Editor’s note: Third in a three-part series on the economy of theological education today.
I’d assumed seminary would be costly, but I didn’t realize how costly,” said senior Gwendolen Powell, one of 13 students at Luther Seminary, St. Paul, Minn., to receive an ELCA Stewards of Abundance scholarship this year. “It’s sad because it shouldn’t be about money. It’s about God. If we are committed to continuing the church, we need to be committed to raising leaders.”
Stewards of Abundance, a 2009-2014 effort to help reduce seminary debt, has provided targeted scholarships coupled with financial education at all eight ELCAseminaries. It also has worked to foster a culture of generosity in the church. Funding for the effort came from a $1 million Lilly Endowment grant and matching funds from the ELCA churchwide organization and seminaries.
The targeted scholarship was welcome news for Powell. Her first year at seminary left her $30,000 in debt.
Each year ELCA leaders set a threshold of concern for seminarians’ educational debt. For Powell’s class, that’s approximately $33,500, said Jonathan Strandjord, ELCAprogram director for seminaries and director for ELCA Stewards of Abundance.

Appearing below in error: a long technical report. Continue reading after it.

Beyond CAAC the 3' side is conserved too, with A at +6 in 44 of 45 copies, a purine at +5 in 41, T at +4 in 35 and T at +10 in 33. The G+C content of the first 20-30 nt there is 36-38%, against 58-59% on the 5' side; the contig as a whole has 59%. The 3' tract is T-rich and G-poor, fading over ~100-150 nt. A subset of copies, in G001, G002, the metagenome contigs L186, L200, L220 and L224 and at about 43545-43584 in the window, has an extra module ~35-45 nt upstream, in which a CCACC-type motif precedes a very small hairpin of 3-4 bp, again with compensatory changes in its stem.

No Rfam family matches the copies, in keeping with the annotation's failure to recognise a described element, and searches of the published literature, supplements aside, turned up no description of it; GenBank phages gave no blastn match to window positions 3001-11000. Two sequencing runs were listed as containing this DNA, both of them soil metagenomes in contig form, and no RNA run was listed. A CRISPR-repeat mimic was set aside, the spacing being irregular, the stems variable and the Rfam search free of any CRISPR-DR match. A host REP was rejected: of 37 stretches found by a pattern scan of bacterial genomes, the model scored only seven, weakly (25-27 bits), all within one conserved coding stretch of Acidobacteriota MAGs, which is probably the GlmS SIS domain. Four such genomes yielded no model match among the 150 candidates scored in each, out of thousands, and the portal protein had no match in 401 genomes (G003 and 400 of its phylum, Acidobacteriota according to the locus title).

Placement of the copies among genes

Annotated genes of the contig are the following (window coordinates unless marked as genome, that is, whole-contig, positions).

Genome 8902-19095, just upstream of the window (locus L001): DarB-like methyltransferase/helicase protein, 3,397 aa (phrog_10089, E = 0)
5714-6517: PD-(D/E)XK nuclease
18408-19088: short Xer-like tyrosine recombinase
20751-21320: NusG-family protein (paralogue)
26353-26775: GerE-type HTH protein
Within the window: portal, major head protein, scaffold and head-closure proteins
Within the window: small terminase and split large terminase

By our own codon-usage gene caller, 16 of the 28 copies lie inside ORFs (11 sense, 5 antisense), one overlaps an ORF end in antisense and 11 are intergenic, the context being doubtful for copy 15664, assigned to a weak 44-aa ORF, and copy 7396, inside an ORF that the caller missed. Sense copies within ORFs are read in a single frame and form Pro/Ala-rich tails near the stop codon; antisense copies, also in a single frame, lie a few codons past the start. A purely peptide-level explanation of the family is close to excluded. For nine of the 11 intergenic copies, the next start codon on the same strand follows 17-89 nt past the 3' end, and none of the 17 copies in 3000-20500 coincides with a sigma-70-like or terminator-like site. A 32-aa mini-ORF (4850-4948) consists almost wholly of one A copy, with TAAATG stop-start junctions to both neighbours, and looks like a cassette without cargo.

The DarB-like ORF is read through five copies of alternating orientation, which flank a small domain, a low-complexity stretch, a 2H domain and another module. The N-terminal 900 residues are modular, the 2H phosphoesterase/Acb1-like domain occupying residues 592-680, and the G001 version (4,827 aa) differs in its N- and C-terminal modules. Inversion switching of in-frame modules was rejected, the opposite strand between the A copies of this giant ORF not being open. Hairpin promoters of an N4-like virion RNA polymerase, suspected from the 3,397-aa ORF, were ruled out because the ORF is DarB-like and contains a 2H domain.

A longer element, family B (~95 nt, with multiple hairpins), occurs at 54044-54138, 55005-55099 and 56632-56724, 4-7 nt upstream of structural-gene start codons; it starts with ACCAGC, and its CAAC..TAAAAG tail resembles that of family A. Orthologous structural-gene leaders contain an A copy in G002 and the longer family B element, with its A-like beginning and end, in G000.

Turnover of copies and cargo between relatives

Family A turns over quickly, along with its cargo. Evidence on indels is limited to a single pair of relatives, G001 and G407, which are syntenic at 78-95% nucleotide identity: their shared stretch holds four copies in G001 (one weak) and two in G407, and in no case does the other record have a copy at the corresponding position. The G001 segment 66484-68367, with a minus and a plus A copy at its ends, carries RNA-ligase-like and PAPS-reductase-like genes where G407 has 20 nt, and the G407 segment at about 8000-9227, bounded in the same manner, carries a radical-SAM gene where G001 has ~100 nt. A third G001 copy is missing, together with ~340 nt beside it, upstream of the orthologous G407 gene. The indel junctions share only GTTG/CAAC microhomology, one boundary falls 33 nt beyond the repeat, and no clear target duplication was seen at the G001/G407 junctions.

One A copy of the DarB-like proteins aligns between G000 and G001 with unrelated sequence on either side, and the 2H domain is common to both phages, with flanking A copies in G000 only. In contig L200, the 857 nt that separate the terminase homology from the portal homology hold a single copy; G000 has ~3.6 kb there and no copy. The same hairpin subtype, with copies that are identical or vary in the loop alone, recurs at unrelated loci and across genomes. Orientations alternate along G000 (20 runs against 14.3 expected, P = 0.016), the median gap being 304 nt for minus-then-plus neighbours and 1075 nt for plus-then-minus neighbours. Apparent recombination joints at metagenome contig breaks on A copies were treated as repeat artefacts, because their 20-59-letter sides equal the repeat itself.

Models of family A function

Both Powell and Katie Slack (see profiles below) were at high risk for going over that threshold and being unable to repay loans on typical ELCA first-call clergy salaries.
Luther distributed nearly $120,000 in Stewards of Abundance scholarships, ranging from $2,000 to $13,000, said financial aid director Bill Silva-Breen.
With the scholarships, students didn’t have to borrow more. For example, if a student needs $30,000 (for tuition, housing and living costs) and receives $20,000 in grants, “the maximum amount they could borrow in federal aid would be $10,000, compared to about $20,000 if they had no scholarship/grant help,” he said. “Scholarships are a sure way of keeping educational debt down.”
That holds true for seminarians who received scholarships from the Fund for Leaders — now at $36 million, said Rachel Wind, director of the ELCA’s premier scholarship vehicle (www.elca.org/fundforleaders). “Everyone cares about leadership,” she said. “Enough people just don’t know about [the need] yet.”
The fund distributed 16 full-tuition scholarships and dozens of partial scholarships for 2013-14, Wind said.
ELCA research shows that in 2009, master of divinity students who didn’t receive Fund for Leaders scholarships graduated with a median educational debt of about $35,000 — well above the threshold of concern. Those who did receive the scholarships had less debt overall (a median of $31,000) — this dropped to $22,500 for those who received a total of $20,000 or more.
In 2012 that pattern continued, with even less debt levels at graduation for fund recipients: $27,000 in educational debt overall, and $17,000 in educational debt for those receiving a total of $20,000 or more — amounts more easily repaid by those earning average ELCA first-call salaries.
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© 2016 Augsburg Fortress, Publishers